To date only 56% of surgeons in NSW have complied. There are undoubtedly those who feel that it is beneath them and it is quite likely that those who most need to examine their own behaviour are among these. Many of those who have complied are very critical of the module and consider it a waste of time – just another of the “tick box” pro formas that we are bombarded with. It is unclear what will happen to those who refuse to comply, and it seems highly unlikely that Fellowships will be withdrawn. It is a futile exercise.

Every operating theatre in Australia now boasts an Operating with respect poster proclaiming that bullying will not be tolerated and yet I continue to receive letters, emails and phone calls on a regular basis with complaints, not only from surgical trainees but trainees in all medical specialties, and also from nursing staff. When I suggest the complaints process I am met with fear of reprisal. There has, after all, been no feedback from the RACS regarding the outcome of complaints.

I was recently asked to give the keynote address at a hospital in Sydney for their inaugural “Women in medicine” meeting. It was well attended by junior staff, both male and female, and there was an impressive panel of senior women. I had advised that women should now take a zero-tolerance approach to harassment but when a young woman asked the panel what she should do if targeted they all advised against a formal complaint and suggested that she seek out a senior woman for help.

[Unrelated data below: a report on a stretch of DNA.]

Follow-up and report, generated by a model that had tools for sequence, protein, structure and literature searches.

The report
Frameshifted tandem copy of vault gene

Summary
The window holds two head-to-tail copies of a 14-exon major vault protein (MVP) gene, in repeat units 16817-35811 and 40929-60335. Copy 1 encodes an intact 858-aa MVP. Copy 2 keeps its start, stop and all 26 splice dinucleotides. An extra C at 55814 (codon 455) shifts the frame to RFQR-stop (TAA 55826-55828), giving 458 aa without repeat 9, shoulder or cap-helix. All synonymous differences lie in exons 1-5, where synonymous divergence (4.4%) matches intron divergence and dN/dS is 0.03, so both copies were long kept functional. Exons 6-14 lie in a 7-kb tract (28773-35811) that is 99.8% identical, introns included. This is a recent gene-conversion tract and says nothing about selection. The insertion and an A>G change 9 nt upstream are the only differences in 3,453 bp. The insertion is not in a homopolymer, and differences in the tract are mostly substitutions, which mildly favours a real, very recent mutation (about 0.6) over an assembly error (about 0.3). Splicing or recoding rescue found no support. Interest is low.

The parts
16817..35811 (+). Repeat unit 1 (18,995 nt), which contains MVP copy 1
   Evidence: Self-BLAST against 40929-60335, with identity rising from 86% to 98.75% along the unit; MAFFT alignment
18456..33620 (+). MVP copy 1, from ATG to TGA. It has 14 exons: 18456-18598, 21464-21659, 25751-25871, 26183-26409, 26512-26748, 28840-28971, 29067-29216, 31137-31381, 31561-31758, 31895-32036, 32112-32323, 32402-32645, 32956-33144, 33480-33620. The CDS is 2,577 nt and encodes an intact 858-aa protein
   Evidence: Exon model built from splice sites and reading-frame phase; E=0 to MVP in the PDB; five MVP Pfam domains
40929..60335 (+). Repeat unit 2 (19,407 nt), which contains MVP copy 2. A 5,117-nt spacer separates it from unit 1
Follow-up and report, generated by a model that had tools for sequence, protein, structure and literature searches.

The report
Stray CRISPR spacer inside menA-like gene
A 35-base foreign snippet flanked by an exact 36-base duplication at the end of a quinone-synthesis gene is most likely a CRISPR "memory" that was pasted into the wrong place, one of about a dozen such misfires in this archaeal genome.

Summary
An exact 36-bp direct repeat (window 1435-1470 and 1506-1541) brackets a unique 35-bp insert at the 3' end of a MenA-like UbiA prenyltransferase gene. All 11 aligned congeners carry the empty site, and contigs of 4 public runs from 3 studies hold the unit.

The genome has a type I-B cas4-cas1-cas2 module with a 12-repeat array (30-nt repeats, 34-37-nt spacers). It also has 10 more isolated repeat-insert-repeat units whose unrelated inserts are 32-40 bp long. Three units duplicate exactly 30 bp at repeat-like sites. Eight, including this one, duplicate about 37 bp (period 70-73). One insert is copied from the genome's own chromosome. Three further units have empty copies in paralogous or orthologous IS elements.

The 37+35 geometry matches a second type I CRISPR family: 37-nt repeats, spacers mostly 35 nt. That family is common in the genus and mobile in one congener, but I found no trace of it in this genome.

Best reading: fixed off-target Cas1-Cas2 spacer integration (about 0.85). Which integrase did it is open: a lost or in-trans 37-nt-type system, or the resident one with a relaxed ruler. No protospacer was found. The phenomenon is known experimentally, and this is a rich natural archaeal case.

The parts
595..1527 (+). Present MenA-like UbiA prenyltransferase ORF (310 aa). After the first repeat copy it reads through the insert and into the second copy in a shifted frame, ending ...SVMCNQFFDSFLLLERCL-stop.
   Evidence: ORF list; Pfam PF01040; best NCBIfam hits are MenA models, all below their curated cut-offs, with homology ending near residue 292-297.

Real action therefore remains elusive, particularly from hospital administrations.

A nurse who complained that a surgeon had shouted and physically barged her during an operation told me that she had received little support and indeed had been criticised for her own behaviour (victim blaming).

Similarly, a female surgical trainee was referred to me for help by a male colleague. She recounted how a more senior trainee was trying to sabotage her career by blaming her for his mistakes in the operating theatre. As a result, she was gaining the reputation for being incompetent, something that often happens to women, and was being required to undergo a review process. He then compounded the issue by “nudging” her arm during an operation, causing her to lacerate the liver. This appalling behaviour and the implications for the patient have never been addressed by the hospital despite her report on the event.

Realistically, the only effective means of resolving this “he said, she said” situation would be for CCTV monitoring of behaviour in the operating theatre – the “black box”.